with onions is just about a daily exercise. Yellow onions are the
starter vegetable for many a dish here in South Louisiana and are
used not only for flavor but also for making a rich brown gravy. Red
onions are usually the choice for fresh dishes and grilling. White
onions are a bit sweeter and used in Mexican dishes. Sweet onions
such as the Texas Sweet and Vidalia are used for just about
everything and are great for grilling.
should remember one thing when cooking with onions "High heat
is a no-no". Onions can have a bitter taste if cooked on a high
heat which is why we always cook onions low and long.
I've received questions about
cooking onions in a gravy, or using them to make a
gravy. Many of
the problems accounted "not getting the onions to brown
release too much water", etc. Low and behold, after asking a few
questions, I found that most of the problems came from the chopping
technique. And that technique was using a food processor to chop the
Chopped onions for gravy need to cook evenly, so, all the chopped pieces
need to be the same size. Hand chopping will achieve this even size.
A food processor will chop indiscriminately leaving some large
pieces and some pieces almost as fine as sand. When trying to cook
these odd sized pieces the very smallest pieces will cook, brown and
even burn before the larger pieces get anywhere near done. If you've
ever used a food processor to chop onions you've probably noticed an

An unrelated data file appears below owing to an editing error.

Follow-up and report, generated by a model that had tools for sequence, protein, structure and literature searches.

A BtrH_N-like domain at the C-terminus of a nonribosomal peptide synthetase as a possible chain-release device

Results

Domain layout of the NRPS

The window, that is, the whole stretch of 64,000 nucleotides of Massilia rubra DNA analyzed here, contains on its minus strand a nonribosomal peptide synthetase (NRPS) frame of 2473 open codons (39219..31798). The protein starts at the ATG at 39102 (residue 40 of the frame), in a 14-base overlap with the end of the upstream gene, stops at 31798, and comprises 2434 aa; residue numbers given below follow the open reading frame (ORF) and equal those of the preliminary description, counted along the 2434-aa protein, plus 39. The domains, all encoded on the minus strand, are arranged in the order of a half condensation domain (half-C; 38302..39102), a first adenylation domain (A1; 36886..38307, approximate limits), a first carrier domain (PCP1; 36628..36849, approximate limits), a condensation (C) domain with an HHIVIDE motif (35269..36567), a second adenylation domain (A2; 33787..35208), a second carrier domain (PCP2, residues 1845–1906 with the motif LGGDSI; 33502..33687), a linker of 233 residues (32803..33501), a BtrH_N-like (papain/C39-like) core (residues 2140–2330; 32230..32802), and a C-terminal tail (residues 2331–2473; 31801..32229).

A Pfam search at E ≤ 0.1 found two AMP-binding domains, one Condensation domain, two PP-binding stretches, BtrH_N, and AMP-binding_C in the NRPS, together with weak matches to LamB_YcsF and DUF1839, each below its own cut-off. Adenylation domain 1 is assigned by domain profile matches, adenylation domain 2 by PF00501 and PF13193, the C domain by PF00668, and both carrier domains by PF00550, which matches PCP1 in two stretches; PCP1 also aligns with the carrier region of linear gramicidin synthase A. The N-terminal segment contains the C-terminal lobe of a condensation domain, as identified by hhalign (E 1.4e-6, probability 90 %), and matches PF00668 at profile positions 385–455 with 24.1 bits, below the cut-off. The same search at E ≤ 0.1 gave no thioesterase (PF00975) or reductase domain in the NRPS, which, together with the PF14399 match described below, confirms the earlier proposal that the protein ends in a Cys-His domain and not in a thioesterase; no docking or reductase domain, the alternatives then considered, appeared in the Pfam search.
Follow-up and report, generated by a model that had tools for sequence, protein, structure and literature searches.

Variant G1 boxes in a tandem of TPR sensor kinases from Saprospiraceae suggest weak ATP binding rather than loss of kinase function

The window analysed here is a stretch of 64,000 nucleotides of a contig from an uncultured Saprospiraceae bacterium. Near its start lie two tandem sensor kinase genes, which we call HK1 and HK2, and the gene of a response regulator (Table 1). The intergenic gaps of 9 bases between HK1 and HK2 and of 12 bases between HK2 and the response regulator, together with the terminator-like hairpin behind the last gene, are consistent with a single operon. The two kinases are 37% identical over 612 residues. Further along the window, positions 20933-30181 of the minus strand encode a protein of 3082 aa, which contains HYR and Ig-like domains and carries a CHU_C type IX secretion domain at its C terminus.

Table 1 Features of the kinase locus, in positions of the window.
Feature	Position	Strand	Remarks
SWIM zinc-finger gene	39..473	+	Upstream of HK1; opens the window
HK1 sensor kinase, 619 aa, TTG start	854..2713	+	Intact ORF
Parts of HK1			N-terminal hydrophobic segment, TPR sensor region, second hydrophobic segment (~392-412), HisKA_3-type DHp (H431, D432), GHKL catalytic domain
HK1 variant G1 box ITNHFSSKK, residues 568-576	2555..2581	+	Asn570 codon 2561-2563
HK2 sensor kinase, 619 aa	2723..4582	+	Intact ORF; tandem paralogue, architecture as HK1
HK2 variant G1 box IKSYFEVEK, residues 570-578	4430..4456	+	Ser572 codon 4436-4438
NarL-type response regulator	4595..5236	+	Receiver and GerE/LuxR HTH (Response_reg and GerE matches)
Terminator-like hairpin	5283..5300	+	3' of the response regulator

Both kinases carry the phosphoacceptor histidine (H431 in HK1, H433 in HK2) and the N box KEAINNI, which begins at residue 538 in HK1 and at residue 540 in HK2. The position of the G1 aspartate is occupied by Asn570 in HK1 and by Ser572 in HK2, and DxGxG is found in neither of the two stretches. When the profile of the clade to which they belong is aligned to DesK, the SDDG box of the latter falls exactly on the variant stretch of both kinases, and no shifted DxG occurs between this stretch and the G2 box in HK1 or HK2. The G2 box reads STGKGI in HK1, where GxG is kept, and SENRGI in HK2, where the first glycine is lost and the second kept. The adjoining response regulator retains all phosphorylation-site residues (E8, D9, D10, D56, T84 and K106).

excessive amount of water released. That's because an onion is
almost 90% water. The finer the chop the more water will be
released. The water is another obstacle to deal with when cooking
onions that are processor chopped. Bottom line is, hand chop them
and eliminate the fight.
If you really love onions you can chop an onion in large pieces
and throw them in your gravy dish once it's almost done. Cook them
until just wilted. In doing this you'll add a nice fresh onion
flavor to the dish. Browned onions have a different flavor than
What about green onions, scallions and shallots?
There is always a debate about what the difference is. I've
found, for the most part, that green onions and scallions are the
same and are a small slender green. Shallots are a larger variety.
When you hear "Onion tops" that refers to scallions. If
you watch any cooking shows you'll see that when shallots are used
they are mostly white. That's because the bottoms are used.
If you're going to freeze onions you must chop them and should
blanch or steam them first. You want to soften them a little before
bagging as this helps them keep longer in the freezer. The only time
I could think of when you might freeze onions is if you're given a
bunch or grow them yourself.
Here's some more info on the onion... The National Onion
Well I hope you learned a little about the onion here.... now go
cook that gravy!